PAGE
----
The new system is a finished board for our instrumentation development.  For purposes of my tests it consists of an AD7276 with a REF1933AIDDCT providing precision +3.3V

    Here's a snip of the schematic.  


    This hardware is quite stable, with the SPI pins brought out to a 0.1" header. This attaches to my mother board, which also hosts an Atmel G55 xPlained board that is our host processor.  The ATSAMG55J19 processor is the same we are using in our instrumentation.

    The timing diagrams are screen shots from a ScanaQuad SQ200.

    My host SPI is configured as follows:

    SPI bus speed is 1MHz and we telling the SPI driver to read 14 bits.  

    My test code provides control over the number of bits the driver decodes and also can mimic resolution bit size ("conversion bits").  For my testing it's at 12, which means it has no effect upon the result.  "Bit shift" converts the 14-bit result by shifting it right by one bit.  We find with certain SPI mode configurations it's necessary to shift, otherwise the result returned is 2X the actual value!  In present case, we do not shift and returned values are good.

    The driver used is ASF3.  Phase and polarity are defined thusly:



    I am using "normal phase" according to the chart.

     

    For this test I captured two consecutive reads.  The table below are the results.

    And here is a capture of the ScanaQuad analyzer:

    Timing:


    SCLK:


    (CS LOW to CLK HIGH=1uS)




    I note that CS goes high and after 45nS goes low, right in the middle of the last bit.    Concern here?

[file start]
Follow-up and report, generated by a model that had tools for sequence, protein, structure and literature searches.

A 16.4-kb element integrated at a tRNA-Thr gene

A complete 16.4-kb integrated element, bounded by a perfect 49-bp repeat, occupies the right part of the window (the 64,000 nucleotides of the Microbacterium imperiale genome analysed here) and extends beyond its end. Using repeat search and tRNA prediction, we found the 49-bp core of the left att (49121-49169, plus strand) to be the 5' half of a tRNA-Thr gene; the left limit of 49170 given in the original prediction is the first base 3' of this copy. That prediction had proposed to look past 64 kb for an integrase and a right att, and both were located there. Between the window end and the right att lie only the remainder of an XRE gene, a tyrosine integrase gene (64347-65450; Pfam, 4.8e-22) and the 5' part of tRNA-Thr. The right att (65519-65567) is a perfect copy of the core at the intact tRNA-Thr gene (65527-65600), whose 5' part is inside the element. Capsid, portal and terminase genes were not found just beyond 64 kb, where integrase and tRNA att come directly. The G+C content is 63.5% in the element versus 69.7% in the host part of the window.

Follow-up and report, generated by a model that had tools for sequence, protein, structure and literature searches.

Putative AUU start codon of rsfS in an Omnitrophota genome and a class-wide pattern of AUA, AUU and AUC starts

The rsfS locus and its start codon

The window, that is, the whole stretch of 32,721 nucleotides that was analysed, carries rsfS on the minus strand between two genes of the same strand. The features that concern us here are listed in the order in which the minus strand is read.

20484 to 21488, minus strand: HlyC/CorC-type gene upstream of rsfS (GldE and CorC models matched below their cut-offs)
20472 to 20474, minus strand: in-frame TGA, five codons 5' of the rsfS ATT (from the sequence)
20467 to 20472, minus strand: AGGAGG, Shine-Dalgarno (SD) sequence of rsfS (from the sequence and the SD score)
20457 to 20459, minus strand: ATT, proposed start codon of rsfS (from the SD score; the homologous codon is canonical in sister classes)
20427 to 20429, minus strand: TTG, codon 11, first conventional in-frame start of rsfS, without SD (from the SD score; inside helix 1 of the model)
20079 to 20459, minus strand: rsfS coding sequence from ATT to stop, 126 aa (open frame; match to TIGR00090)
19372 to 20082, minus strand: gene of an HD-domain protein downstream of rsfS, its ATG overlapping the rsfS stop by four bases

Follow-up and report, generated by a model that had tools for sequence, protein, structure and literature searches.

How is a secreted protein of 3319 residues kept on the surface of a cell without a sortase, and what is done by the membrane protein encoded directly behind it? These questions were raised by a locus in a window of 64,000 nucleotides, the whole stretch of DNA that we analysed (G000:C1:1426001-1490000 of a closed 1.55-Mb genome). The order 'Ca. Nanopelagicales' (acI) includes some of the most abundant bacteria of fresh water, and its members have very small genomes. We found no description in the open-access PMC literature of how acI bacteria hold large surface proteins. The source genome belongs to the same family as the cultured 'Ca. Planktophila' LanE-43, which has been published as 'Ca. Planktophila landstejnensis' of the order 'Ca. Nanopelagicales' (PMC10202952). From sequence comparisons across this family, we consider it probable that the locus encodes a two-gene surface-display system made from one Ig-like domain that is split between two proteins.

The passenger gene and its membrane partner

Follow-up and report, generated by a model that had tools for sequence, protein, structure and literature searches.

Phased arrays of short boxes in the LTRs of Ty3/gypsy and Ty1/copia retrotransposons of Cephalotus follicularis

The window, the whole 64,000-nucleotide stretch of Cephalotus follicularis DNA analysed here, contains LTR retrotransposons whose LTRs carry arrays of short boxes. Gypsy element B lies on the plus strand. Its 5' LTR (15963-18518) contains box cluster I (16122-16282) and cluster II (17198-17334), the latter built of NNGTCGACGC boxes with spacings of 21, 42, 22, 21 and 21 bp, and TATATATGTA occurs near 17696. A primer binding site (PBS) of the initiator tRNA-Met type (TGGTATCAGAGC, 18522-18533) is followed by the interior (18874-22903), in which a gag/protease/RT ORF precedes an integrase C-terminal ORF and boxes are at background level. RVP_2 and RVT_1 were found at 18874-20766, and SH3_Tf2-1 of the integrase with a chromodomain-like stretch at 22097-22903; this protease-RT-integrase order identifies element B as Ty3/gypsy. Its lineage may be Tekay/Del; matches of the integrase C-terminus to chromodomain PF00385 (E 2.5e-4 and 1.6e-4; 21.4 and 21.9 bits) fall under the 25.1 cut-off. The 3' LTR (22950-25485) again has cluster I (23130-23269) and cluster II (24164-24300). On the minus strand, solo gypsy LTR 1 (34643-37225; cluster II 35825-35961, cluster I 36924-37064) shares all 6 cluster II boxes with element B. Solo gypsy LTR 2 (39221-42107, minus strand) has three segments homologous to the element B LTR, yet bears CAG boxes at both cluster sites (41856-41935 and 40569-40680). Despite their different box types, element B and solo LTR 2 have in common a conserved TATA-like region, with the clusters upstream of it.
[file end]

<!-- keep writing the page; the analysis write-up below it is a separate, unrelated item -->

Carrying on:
The above does not illustrate our problem, and that is that above around 1.5V we do not get any conversion results that end in either 010 or 101.

    Since you asked for timing, the above is a hopefully useful representation.

    Thoughts?

  • 0
    •  Analog Employees 
    on Nov 14, 2019 1:14 AM in reply to ARSK1MGY

    ARSK1MGY,

    A couple of things.

    1) Can you confirm what voltage you put into the data converter when you generated these timing waveforms?  Was it approximately 2.5V?

    2) The AD7276 is looking for the clock to idle HIGH and so you probably want to change your SPI configuration to CPOL = 1. 

    3)  Data is shifted out of the AD7276 on the leading edge (falling) and the datasheet assumes the hold time of the serial data output is sufficient for you to read the current value on that edge with the controller and thus I would make CPHA = 0 so that the data is sampled on that leading edge.  If you left CPHA = 1 I think you would need to do your BITSHIFT trick.

    4) Once you have completed 14 complete clocks the only timing requirement that needs to be satisfied with respect to CS is the minimum high time of 4ns as with your current clock period the converter acquisition time is satisfied.  Thus the narrow nature of the CS as you've shown is okay....in fact it is necessary to initiate the next conversion.

    My suggestion is that you try making the code changes to implement the configuration I've mentioned above.   Then for range of DC inputs around the area you had trouble before recollect some data and let me know how things look before and after.

    Hope this fixes your issue.

    Sean

  • Sean,

    Yes.  Approx 2.5V 

    I will make these changes (Set CPOL to 1 and CPHA to 0).  Will post results.  Thanks!

    /m